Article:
Mnangagwa victory good enough to keep him on his toes for the next five years


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A Herald columnist, Igomombe, has brushed off persistent reports that Zimbabwe African National Union-Patriotic Front leader Emmerson Mnangagwa had a narrow victory over his rival Nelson Chamisa of the Movement for Democratic Change Alliance saying there is a vast different between 50 percent and 44 percent.

Mnangagwa won 50.8 percent of the vote against Chamisa’s 44.3 percent in the 30 July elections.

Critics and some media have interpreted Mnangagwa’s 50.8 percent as a narrow victory probably based on the fact that under the Zimbabwe constitution one has to win 50 percent of the vote plus one to be declared an outright winner.

Even then 0.8 percent is quite a huge margin as it translates to about 40 000 votes above half when only one vote above half is required.

Igombombe, believed to be Mnangagwa’s spokesman George Charamba, said the results for the 30 July elections consolidated ZANU-PF as a party, while denying Mnangagwa smug complacency and comfort which comes with a resounding win, such as had enervated old, hoary ZANU-PF under his predecessor.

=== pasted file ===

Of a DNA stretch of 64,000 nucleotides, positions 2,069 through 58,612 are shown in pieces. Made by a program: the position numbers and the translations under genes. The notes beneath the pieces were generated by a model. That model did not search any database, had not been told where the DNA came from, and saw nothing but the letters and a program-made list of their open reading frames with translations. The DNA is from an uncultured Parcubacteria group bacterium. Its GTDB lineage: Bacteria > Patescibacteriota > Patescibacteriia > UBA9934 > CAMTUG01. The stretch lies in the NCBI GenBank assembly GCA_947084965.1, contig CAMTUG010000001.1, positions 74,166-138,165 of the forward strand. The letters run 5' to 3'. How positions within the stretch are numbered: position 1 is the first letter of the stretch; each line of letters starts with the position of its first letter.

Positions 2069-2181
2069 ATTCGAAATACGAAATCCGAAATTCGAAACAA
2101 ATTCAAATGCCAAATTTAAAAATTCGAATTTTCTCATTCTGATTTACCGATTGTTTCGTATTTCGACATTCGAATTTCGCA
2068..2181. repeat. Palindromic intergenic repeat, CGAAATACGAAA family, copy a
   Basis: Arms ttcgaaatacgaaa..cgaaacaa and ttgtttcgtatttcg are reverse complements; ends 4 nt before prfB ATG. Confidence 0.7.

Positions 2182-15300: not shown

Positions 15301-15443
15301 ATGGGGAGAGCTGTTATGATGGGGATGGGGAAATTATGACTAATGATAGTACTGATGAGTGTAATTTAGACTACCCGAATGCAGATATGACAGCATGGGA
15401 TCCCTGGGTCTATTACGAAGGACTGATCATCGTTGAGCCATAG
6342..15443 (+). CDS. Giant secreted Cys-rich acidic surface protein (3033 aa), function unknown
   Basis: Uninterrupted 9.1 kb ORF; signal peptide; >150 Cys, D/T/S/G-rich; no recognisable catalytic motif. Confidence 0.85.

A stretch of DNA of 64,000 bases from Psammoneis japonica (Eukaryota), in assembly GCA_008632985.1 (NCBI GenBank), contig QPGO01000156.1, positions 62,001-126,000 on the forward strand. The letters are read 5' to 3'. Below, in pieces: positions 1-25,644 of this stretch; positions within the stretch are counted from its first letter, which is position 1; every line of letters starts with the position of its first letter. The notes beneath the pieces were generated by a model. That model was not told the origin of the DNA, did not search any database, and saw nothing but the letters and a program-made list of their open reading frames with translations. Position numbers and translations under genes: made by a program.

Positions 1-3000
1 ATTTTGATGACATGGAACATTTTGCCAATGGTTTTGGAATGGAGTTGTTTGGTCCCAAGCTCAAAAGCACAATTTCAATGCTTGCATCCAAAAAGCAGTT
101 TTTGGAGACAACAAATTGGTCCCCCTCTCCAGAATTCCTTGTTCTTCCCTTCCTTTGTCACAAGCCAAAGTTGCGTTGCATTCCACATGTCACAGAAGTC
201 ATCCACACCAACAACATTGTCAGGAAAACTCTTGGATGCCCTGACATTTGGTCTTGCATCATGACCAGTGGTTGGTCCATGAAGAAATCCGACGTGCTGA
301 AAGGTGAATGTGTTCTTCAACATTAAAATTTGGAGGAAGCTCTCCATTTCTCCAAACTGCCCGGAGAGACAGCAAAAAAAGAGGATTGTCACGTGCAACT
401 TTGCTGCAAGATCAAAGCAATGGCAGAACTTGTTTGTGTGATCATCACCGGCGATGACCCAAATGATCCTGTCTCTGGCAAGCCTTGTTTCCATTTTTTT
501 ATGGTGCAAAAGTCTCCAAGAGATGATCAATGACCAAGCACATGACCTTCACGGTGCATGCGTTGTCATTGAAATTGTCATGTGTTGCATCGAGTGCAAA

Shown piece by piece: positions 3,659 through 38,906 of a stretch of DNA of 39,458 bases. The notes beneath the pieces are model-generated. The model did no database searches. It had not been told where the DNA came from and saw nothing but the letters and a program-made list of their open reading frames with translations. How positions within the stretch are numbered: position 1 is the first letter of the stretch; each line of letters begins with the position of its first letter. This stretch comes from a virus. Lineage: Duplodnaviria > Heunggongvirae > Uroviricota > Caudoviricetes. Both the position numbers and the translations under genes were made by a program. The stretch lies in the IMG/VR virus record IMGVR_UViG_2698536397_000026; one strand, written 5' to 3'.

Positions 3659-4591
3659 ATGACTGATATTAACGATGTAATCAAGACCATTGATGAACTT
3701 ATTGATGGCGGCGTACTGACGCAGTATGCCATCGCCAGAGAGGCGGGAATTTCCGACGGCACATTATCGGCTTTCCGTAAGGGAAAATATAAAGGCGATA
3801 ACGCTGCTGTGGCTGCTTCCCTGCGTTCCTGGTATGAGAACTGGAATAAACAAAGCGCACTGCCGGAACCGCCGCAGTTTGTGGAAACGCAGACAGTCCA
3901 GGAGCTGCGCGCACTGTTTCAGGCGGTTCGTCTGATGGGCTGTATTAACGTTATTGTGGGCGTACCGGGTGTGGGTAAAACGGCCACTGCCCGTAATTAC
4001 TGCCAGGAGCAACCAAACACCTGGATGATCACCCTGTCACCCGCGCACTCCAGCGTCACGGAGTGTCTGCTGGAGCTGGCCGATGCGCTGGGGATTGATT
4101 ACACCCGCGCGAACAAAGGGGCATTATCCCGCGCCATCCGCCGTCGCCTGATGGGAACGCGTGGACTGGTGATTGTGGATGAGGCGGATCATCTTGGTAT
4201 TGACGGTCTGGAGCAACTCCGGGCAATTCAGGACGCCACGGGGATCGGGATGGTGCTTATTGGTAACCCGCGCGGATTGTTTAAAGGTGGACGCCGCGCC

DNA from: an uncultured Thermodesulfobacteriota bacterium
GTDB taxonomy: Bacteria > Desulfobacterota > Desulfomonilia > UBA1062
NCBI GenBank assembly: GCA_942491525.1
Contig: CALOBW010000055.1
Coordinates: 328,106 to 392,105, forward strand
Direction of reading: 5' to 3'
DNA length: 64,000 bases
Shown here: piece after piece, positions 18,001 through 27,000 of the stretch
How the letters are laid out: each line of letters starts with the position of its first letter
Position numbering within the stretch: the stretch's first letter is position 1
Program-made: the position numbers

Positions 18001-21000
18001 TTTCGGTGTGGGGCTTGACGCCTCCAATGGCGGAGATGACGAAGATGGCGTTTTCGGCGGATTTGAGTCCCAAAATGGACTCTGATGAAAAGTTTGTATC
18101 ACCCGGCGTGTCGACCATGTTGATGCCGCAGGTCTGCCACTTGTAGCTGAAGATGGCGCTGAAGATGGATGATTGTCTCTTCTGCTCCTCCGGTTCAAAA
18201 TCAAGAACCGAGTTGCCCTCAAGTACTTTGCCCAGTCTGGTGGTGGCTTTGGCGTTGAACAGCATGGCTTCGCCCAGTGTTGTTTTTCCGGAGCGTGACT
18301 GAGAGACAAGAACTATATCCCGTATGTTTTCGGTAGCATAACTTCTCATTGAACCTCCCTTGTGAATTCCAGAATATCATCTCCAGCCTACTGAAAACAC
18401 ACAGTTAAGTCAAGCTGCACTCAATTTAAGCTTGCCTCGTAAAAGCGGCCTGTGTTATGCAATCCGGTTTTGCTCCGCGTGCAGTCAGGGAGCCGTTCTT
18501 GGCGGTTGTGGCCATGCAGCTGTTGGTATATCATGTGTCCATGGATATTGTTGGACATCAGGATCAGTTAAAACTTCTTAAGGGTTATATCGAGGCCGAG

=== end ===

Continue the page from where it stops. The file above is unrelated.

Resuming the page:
ZANU-PF won 145 seats against the MDC Alliance’s 63 with one seat going to the National Patriotic Front and another to an independent candidate.

Igomombe said Mnangagwa “has work to do, principally that of breaking a deeply set inertia, which is why the result handed him challenges him to prove, earn, grow and consolidate his claim to party leadership.

“July 30 thus gave us a result of binary proportions, both meant to consolidate continuity and change. Continuity by way of a party enjoying a comfortable two-thirds party majority. Change by way of a President who barely escaped a run-off, and who thus must bend double to break the mould of a smug, assured past which no longer serves a generation.”

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The Insider

The Insider is a political and business bulletin about Zimbabwe, edited by Charles Rukuni. Founded in 1990, it was a printed 12-page subscription only newsletter until 2003 when Zimbabwe's hyper-inflation made it impossible to continue printing.

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